The U.K. organizaton, "New Economic Foundation" published a treatise regarding the impact of healthcare organizations on global warming and the balance of carbon credits for the world economy.
The percentage of our own GDP derived from U.S. healthcare is enormous and if one were to analyze energy consumption in our industry it would be a significant percentage of our overall energy consumption.
Federal systems such as the VA's infrastructure would probably benefit from the retro-fitting of industrial light and HVAC systems.
Academic medical centers and newer integrated healthcare systems should be aware of the importance of energy conservation just by examining their monthly utility bills.
There are many alternative energy sources such as biomass, solar, and wind driven systems. While most institutions could not be totally dependent upon these alternative sources, they could signficantly reduce dependence on the 'grid'.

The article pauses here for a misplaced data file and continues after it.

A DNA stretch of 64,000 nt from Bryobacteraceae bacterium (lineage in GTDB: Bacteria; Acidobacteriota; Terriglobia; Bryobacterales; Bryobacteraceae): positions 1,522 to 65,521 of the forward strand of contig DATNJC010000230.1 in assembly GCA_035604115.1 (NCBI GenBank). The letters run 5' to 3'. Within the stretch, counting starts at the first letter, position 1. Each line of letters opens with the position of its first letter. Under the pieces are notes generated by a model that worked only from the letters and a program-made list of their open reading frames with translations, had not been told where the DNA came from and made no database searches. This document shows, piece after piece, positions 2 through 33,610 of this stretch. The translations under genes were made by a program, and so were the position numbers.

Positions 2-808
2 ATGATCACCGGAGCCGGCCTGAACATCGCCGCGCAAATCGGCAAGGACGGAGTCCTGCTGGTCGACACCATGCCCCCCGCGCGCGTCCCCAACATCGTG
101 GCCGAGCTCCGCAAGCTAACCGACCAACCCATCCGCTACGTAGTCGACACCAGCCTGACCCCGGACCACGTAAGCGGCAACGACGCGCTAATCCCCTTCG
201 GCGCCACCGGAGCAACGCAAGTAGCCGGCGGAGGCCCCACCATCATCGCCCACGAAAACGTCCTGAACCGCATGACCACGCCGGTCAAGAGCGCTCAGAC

How many healthcare facilities have an ongoing energy saving program? At this time of year when it is hottest we all think about the potential for rotating outages, grey outs, and system overloads. These "catastrophic events" are relatively infrequent, however it is the gradual "creep" that is most significant.
Our increase in utilization of health information systems also will increase the need for power as well as cooling capacity. The heat generated by these systems is very significant and in winter weather actually can be used as a source for heating of buildings.
Newer structures should be designed intellligently for transfer and recycling of energy sources. Attention should be paid to heat transfer and highly efficient server rooms and racks.
These costs become even more significant as payors and CMS reduce reimbursement to hospitals and providers.
Few analysts factor in the cost of energy in providing IT systems designed to reduce costs and increase "efficiency".